Progressive Writers Bloc

The International Flat Earth Society

By Uncle Bill Warner

Have you have heard of the Flat Earth Society? They refuse to accept the scientific evidence that they are inhabiting a sphere, and offer evidence of their own that the earth is really shaped like a pentagonal pancake. "Its flat where I live!" What happens to planes and ships that are lost? They just went off the edge and disappeared. It is an obvious, albeit clever, put on.

There are a lot of distortions of the truth that have been making the rounds for years that are not so obvious. Joseph Goebbels, Hitler's minister of propaganda, is purported to have said, "If you repeat a big lie often enough, people will come to believe it." Now if you accept the big lie theory, how do you enlighten people who, when presented with evidence that what they have come to believe by hearing it over and over is spurious?

Eric Hoffer in his book "The True Believer" made a good case for a certain kind of personality (which we might call a fanatic) who will continue to believe something even after there is overwhelming evidence that it is a falsehood or, even more dangerous, a half-truth. Believing fulfills a need with them, and in their minds attacking a false belief is the same as attacking them personally. I'm sure you know someone like this. "Don't confuse me with the facts!"

There are, however, less obvious hoaxes out there which can cause a lot of mischief among us. These are usually concocted to advance political agendas, and are everywhere these days on the Internet: faked-up photos show John Kerry and Jane Fonda together, Tom Daschle with his left hand over his heart saying the pledge, or maybe just a faked-up snapshot of an iceberg supposedly taken by a diver. You can't really believe your eyes anymore, even if you are from Missouri.

Then there are all of the hoaxes involving Hillary Clinton snubbing Gold Star Mothers, Congressmen not paying into Social Security, Jane Fonda passing confidential notes from prisoners to their North Vietnamese captors, Target stores funding Gay and Lesbian Causes, or Captain Kangaroo saving Lee Marvin's life on Mount Suribachi. Check out these and many others at, which gives the background on hundreds of dubious stories and either labels them true, false, or not proven one way or the other. It is hard to find the truth these days, but a good rule of thumb is "If it looks like BS, sounds like BS, and smells like BS, it may well be BS." Look it up on Snopes. If their research does not jibe with your faith, it won't make any difference, now will it?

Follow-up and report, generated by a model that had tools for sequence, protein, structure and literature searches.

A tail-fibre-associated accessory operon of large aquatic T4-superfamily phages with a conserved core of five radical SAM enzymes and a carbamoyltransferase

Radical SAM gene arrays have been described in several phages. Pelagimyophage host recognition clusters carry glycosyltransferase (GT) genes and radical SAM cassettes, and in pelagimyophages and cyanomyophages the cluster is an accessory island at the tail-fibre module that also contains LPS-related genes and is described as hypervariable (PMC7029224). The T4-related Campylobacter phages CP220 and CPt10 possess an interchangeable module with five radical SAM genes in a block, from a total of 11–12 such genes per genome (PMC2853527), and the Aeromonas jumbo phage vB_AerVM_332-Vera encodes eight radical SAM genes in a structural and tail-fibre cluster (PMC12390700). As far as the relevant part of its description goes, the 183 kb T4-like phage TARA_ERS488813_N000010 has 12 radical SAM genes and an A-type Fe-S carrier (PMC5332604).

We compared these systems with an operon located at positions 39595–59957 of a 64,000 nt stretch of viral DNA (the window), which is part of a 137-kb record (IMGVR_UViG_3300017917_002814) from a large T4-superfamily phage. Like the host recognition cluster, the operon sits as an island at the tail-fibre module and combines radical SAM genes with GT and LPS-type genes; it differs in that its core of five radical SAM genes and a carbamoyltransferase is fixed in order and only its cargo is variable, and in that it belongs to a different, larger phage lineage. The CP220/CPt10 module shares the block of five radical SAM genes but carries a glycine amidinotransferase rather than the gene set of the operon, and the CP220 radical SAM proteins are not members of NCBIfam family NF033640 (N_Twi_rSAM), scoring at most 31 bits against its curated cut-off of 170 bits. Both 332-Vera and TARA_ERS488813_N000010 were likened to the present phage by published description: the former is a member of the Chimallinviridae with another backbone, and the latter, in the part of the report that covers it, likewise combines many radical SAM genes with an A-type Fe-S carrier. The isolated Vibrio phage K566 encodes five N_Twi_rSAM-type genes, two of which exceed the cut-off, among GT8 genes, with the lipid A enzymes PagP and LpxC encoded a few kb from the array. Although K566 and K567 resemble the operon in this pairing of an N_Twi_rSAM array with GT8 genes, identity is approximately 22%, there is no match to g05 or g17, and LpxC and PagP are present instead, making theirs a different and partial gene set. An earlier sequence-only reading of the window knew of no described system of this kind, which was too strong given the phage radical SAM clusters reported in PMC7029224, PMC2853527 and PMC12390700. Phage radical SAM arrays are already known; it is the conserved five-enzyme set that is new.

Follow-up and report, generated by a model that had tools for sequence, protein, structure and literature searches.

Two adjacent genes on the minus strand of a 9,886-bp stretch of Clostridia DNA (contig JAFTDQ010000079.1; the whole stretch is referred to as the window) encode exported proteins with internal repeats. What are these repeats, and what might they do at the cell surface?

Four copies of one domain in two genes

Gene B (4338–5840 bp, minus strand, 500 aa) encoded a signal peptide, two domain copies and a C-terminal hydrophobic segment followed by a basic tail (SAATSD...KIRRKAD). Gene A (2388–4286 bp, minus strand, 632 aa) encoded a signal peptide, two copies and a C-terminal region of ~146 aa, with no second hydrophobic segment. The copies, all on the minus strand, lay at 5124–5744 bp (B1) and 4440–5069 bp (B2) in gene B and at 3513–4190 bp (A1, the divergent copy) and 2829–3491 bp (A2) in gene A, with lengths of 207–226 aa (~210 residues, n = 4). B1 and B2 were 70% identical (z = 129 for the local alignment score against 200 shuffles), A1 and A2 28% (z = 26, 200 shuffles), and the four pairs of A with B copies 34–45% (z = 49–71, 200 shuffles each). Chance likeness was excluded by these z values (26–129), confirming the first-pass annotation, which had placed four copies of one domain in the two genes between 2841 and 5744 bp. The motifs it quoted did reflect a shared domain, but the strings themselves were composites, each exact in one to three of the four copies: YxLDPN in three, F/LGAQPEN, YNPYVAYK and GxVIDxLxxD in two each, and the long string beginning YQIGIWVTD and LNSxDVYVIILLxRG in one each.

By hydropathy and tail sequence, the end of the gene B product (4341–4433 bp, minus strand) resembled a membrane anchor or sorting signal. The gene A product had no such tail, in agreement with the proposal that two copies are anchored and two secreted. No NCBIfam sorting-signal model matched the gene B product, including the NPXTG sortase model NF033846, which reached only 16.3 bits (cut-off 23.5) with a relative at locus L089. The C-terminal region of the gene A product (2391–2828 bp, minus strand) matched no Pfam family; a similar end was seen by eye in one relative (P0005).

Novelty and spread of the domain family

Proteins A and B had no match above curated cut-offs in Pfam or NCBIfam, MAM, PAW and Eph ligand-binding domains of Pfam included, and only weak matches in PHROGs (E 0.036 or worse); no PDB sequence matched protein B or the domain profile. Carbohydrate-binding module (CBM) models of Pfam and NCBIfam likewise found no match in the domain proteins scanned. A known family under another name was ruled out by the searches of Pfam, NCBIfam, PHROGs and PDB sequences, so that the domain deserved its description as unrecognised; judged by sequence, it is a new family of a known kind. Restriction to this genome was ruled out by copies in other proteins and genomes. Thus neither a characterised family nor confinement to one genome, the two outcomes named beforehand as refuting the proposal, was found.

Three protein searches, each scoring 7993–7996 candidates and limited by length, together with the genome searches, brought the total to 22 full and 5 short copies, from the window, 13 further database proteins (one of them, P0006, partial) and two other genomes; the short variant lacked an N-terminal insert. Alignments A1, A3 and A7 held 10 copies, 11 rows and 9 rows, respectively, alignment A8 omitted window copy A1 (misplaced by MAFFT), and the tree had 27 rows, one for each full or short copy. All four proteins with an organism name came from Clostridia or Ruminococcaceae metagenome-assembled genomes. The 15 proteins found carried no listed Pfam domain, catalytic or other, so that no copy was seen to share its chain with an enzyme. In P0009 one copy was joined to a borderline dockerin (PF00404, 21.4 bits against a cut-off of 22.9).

Hoaxes which have achieved world-class success are often planted stories that have made the rounds many times, like US 7th Cavalry soldiers throwing Indian children into the air and catching them on their bayonets (revived in the 30's, but with Japanese soldiers and Chinese babies). Many people even today still believe the politically-motivated claim that Al Gore said he invented the Internet! Repeat a lie often enough and it passes into the realm of "folk knowledge."

During the first Gulf war, many people believed President Bush when he told our servicemen the story that Iraqi soldiers invading Kuwait pulled 312 premature babies from the incubators and threw them on the floor to die. Even after the daughter of the Kuwaiti Ambassador to the U.S., the source of this hoax, admitted it was all made up, and that she had been in Washington DC at the time she was supposed to have witnessed it, some people continue to this day to believe the discredited story! What started as a hoax, for a number of true believers, is "fact."

There are people who still believe Iraq today has weapons of mass destruction, well-hidden of course, because they have heard it repeated so often by the media and the President. During the Vietnam War, the folks trying to discredit the peace movement circulated a story about how anti-war demonstrators were spitting on returning servicemen, even though there was never a shred of evidence to support the story. A lot of people still believe this hoax because they WANT to believe it to help justify their feelings about the peace movement. And then there are all the myths about the Jews planted by the Nazis in the 30's and 40's.

I think that anti-hoax sites like Snopes provide a great service, as it makes it easy to check out stories that push credibility to the limit. The true believers, of course, will always believe, despite any evidence to the contrary. The many people who have not yet become emotionally attached to the modern urban legends (hoaxes) will be able to check out their doubts easily. Pull up on your browser for some really interesting examinations of what so many of us think we know for sure as "fact". Be skeptical. And try not to sail off the edge of the earth....

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